Under the Skin

By

These two Prohibition-era tough-guy crime thrillers (this one and A World of Thieves) are almost (but not quite) the continuation of the other, and there’s at least one set of characters who appear in both books.

In the more recent book, Under the Skin, taking place in 1936, Jimmy “The Kid” Youngblood works as an enforcer for the two crime bosses of Galveston — the same two brothers whose reputation for enforcing their hold on the town’s various vices was the reason why Sonny LaSalle and his kin moved on through so quickly, heading for easier pickings. Jimmy, it is quickly deduced, is the illegitimate son of one of Pancho Villa’s more ruthless aides, making it abundantly clear that blood runs true.

Both books are filled with rough-arm tactics of all sorts, broken arms and kneecaps, gouged eyes, slit throats, shotgun blasts to the chest, hilarious vulgar witticisms, and sexy dames with come-hither lust in their eyes. Crime is more than fun, as Sonny tells Belle in bed on page 197, there’s nothing like it. Then she shows him he’s wrong.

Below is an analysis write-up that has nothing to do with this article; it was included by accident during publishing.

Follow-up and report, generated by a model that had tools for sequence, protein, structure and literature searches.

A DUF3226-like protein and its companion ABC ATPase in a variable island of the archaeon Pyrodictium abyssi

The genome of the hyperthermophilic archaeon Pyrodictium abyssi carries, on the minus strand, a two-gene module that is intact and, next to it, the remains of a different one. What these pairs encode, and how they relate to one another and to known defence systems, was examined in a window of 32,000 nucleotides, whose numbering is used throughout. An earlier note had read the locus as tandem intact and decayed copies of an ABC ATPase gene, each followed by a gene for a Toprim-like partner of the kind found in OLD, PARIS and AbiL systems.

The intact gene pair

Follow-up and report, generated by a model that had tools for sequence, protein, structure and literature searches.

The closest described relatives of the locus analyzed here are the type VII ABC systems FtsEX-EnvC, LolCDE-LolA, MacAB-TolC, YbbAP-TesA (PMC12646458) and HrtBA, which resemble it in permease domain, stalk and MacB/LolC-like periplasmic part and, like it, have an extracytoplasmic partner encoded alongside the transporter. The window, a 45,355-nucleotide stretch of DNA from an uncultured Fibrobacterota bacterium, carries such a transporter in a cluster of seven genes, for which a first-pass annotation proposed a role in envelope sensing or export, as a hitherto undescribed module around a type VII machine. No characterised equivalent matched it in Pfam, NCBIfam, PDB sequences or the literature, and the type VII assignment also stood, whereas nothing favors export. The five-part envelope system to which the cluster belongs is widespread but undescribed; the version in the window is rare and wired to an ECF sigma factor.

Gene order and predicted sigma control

Jimmy’s life is also enhanced by a young girl he falls in love with at first sight, but their days together turn out to be severely numbered.

There’s little character development in either book, the greatest drawback of each. These are the stories of two naturally born killers, and they both end that way, in similar fashion, in beautifully choreographed finales, bloody and inevitable.

 

 

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Publisher

Published

Genre

Period

Century

Price
(US) $25.95
(UK) £14.93

ISBN
(US) 0380977516

Format
Hardback

Pages
292

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